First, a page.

|Title||Sporopollenin and major mineral constituents of the spores, elaters, and capsule wall of Conocephalum conicum|
|Publication Type||Journal Article|
|Year of Publication||1976|
|Authors||Taylor J, LeVee GJ, Hollingsworth PJ, Bigelow WC|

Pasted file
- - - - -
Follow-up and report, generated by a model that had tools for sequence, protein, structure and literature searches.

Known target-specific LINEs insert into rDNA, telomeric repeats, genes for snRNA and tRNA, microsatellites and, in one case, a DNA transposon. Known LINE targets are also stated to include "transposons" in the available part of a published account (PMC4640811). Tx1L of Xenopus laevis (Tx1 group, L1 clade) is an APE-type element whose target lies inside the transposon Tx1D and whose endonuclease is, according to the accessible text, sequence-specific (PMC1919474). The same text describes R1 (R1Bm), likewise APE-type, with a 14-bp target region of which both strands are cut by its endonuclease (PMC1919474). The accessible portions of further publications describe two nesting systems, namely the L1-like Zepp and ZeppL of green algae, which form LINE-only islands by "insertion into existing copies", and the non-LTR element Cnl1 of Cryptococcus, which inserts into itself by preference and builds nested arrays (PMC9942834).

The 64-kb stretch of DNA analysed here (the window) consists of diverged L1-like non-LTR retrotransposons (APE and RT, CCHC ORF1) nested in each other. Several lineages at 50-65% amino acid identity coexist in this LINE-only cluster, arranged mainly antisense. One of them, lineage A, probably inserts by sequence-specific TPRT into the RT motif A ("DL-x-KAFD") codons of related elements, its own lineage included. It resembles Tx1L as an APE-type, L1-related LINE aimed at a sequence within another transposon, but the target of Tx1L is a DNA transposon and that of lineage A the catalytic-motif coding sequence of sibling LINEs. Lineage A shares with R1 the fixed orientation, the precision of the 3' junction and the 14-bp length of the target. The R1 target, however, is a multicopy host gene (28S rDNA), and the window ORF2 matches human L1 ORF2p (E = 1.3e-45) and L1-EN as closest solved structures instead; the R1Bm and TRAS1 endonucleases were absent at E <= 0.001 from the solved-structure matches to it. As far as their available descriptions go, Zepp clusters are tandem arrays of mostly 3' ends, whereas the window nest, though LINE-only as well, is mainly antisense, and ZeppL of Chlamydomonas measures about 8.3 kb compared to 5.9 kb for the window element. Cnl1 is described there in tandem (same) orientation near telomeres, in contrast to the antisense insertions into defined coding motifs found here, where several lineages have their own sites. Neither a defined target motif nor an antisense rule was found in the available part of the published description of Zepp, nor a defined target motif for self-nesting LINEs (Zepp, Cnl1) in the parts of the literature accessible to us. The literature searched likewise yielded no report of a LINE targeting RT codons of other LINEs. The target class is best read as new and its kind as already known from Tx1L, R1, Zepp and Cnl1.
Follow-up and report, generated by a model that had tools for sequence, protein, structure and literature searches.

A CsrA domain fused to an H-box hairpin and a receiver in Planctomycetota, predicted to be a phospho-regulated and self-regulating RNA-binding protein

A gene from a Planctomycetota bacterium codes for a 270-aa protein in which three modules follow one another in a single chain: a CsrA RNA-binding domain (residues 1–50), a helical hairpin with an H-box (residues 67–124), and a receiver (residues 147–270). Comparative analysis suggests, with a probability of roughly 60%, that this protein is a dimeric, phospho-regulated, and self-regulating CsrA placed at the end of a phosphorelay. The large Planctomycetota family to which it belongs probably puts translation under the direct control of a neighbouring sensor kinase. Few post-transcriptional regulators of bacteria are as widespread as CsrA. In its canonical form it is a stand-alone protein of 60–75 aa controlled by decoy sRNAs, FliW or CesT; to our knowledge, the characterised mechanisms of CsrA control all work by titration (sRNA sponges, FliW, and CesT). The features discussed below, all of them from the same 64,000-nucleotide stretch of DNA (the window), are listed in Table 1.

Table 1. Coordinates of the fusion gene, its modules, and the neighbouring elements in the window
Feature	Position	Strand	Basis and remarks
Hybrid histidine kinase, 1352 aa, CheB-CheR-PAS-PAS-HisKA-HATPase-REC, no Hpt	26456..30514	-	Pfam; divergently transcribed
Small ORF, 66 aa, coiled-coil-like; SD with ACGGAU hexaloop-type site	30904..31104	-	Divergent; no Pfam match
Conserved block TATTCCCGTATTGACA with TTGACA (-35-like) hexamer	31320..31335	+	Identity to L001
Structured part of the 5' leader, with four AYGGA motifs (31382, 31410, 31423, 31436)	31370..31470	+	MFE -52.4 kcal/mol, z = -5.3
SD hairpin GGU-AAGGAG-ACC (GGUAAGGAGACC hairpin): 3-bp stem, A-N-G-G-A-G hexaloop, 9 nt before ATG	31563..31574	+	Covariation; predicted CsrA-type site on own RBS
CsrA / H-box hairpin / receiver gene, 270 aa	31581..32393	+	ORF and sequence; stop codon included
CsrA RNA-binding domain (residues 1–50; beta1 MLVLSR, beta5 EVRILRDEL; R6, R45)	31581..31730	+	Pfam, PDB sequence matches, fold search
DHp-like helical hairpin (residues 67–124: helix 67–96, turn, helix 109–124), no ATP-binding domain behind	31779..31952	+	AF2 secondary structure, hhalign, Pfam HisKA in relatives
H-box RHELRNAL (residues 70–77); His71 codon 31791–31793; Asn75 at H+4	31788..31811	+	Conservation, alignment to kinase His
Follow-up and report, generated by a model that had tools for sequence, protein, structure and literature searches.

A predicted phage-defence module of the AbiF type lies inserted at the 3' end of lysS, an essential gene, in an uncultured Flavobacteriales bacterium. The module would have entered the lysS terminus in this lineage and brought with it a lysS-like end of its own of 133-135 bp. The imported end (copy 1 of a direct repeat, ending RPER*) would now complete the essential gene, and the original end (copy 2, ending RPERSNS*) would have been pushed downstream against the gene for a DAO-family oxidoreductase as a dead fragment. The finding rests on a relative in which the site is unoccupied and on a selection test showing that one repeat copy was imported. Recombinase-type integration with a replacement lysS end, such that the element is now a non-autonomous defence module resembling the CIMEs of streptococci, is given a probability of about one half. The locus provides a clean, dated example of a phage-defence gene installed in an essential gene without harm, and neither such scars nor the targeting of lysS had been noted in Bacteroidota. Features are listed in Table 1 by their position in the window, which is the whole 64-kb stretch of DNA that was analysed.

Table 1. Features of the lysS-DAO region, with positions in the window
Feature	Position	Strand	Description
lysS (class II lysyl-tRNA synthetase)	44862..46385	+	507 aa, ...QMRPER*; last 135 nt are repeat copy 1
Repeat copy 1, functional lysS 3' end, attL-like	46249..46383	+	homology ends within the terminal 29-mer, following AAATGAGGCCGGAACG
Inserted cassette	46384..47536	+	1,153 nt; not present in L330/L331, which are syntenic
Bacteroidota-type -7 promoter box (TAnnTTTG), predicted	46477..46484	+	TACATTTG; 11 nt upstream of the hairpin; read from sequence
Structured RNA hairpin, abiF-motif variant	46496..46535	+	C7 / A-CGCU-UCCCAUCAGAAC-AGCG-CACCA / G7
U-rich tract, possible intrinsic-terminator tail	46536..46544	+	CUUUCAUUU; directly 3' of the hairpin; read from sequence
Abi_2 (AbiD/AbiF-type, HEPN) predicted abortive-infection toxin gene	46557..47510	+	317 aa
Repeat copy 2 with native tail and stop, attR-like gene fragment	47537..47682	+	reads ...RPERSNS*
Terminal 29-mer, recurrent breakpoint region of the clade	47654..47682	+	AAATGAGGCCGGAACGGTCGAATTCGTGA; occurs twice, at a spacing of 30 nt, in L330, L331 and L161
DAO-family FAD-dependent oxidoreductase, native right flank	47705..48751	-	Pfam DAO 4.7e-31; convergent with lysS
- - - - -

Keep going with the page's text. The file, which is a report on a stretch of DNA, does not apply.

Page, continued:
The term sporopollenin has been used in a broad sense to describe a class of highly polymerized natural substances resistant to acetolysis and found primarily in walls of spores and pollen grains. ... The discovery of sporopollenin localized in the helical thickening of the elateroderm (cell-wall of the elater) led to our speculation on whether or not the thickenings of the capsule-wall also contain the organic constituent sporopollenin. Knowledge of the distribution of inorganic elements in liverworts has been confined to studies of vegetative tissue. Shacklette (1965) noted the proclivity of liverworts to accumulate certain minerals, and his findings, coupled with recent availability of the sensitive technique of energy dispersive X-ray analysis, have piqued our curiosity about the major mineral content of sporophyte tissues, and in particular of the spores. The purposes of this paper are to present (1) evidence for sporopollenin as an organic constituent of the spore, elater, and capsule-wall, and (2) an analysis of the major mineral content of the spores, elaters, and capsule wall, based on the thalloid liverwort Conocephalum conicum.